Greetings Loved Ones! Liu Is The Name, And Views Are My Game.
Simon is an average, upper-middle-class White High School kid. He’s got friends, a family who loves him, and, you know, a nice house, good clothing, his own car, and all the other things that come with being an upper-middle-class White kid. Anyway, his life seems perfect, except for one thing. Simon’s actually gay, and he doesn’t know how to tell anybody. One night, he learns from an anonymous social media post that there’s another closeted kid at his school, “Blue,” and he decides to reach out to him using the alias “Jacques.” The two exchange messages, with Simon doing his best to find out Blue’s true identity, but things get complicated when Martin, an annoying classmate who likes one of Simon’s friends, discovers their communications, and blackmails Simon into getting him into his friend’s good graces.
Love, SImon is a movie I was really looking forward to seeing. It’s the directorial debut of Greg Berlanti, the creator of such shows as Arrow and The Flash, both of which I’m a fan of, and it’s really cool to see a big budget studio comedy be about a gay teen. It really shows how far we’ve come as a society that films like this not only get made, but are widely distributed, and even critically-acclaimed. And, having seen the movie, I can tell you, it’s pretty darn good. This is a sweet, well-written, well-acted coming-of-age story with some good dialogue, and a good message. If you’re a fan of Berlanti, or mysteries, or teen films, or, really, just sweet stories in general, you should like this movie. It may be about one person’s very specific struggle, but it’s actually very universal in terms of its themes of not feeling comfortable with who you are, or not being able to get what you want. And in a time where whole sub-sections of the American population are being told, “you’re not welcome in our country, or in certain bathrooms, or in certain businesses because of who you are,” to have a film like this, which ends happily, and features a gay teen whose parents are actually supportive, is pretty refreshing. So, for that reason, I say, go give it a look.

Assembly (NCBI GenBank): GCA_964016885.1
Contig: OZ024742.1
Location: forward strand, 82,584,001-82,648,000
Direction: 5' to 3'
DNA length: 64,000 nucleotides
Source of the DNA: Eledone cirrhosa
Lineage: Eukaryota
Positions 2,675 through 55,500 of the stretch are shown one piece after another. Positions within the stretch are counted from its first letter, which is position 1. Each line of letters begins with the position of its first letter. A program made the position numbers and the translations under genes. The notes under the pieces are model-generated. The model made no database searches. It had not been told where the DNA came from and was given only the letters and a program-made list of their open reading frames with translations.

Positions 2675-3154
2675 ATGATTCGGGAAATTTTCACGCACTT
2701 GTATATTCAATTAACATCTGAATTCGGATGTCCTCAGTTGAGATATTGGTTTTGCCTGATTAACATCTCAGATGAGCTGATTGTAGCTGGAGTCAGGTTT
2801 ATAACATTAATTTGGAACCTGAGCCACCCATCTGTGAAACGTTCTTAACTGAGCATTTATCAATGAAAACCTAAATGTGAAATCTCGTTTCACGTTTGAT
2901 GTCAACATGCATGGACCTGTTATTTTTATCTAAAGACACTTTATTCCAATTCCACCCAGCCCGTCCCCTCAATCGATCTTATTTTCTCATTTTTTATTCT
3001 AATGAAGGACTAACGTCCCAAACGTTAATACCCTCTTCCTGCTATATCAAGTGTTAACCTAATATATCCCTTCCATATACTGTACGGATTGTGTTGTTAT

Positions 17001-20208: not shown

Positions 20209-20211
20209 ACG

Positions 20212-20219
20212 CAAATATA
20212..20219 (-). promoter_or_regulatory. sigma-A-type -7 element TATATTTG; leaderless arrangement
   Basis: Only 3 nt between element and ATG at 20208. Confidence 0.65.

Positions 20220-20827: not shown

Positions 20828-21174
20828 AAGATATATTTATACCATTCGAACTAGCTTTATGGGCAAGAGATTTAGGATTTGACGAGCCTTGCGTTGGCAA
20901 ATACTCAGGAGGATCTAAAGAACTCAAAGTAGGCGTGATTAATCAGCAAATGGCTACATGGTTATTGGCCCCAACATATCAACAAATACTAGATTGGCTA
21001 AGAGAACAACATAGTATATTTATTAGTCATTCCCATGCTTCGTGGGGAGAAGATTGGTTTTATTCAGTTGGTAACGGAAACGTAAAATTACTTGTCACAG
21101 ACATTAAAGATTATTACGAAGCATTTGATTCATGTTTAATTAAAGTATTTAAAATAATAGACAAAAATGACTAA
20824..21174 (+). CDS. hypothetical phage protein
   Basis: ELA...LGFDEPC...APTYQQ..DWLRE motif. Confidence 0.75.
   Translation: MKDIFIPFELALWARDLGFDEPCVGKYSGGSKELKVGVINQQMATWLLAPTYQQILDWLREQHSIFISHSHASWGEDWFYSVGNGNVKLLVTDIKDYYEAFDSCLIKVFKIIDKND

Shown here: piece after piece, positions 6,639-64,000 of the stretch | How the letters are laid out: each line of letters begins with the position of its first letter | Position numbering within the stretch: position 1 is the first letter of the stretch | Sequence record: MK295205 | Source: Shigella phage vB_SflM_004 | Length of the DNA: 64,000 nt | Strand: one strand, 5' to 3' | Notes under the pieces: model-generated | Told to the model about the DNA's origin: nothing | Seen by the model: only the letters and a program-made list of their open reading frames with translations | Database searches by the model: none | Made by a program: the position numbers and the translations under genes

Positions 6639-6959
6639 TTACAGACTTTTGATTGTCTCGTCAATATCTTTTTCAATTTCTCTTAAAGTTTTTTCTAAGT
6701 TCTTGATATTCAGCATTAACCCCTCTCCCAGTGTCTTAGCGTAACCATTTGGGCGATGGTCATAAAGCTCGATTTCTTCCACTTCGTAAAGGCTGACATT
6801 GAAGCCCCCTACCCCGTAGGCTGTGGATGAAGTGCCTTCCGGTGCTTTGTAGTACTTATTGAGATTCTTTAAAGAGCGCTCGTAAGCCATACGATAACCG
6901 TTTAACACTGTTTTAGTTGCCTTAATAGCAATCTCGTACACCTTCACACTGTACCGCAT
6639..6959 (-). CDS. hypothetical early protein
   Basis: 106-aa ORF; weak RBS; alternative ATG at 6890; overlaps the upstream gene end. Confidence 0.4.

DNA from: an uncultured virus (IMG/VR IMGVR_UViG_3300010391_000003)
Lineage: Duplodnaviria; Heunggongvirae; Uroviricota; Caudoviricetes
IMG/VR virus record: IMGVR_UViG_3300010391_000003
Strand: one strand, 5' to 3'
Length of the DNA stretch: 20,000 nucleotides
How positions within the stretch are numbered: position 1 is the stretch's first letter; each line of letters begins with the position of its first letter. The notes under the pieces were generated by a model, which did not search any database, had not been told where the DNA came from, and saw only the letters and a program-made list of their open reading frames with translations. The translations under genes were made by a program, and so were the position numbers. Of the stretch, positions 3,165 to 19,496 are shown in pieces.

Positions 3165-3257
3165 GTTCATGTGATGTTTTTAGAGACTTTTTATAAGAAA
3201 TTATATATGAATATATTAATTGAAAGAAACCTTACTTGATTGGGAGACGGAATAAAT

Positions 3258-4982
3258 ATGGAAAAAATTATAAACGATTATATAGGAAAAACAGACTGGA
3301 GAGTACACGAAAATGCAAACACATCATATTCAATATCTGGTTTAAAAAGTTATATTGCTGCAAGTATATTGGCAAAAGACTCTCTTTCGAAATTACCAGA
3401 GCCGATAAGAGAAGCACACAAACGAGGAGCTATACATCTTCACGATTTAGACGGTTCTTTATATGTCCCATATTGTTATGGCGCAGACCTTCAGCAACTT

That said, this flick isn’t perfect. As you could probably tell from my first paragraph, Simon’s constant claim throughout the film that he’s just like everyone else is somewhat undercut by the fact that he comes from a place of extreme privilege. That’s not a problem, per se, I grew up in a privileged household, but if the whole point of this movie is to make a gay teen’s struggle more universal, maybe don’t constantly remind us that you don’t speak for everyone. But that’s just personal preference. It doesn’t have anything to do with the actual filmmaking, which does actually have flaws in it. One of the biggest being two, surprisingly annoying side characters, a vice principal, and Martin, the guy who blackmails SImon. The Vice Principal is one of those middle-aged men who tries to act cool by using modern slang and acting like he’s friends with the students, and there were points where I was dreading seeing him again. And martin is just obnoxious. I understand that he’s supposed to be, since he’s the film’s primary antagonist, but it does get to a point where he goes from being just annoying to downright cruel. Seriously, he does something towards the end that goes beyond just bothering Simon, and enters the territory of “you could ruin someone’s life if you did that in reality.” But, in the end, neither of those things is enough to detract from my overall enjoyment of the picture. Yes, there are some annoying characters, but they don’t take away this film’s funny dialogue, good performances, and sweet tone. So, keeping that n mind, I still recommend you go see it.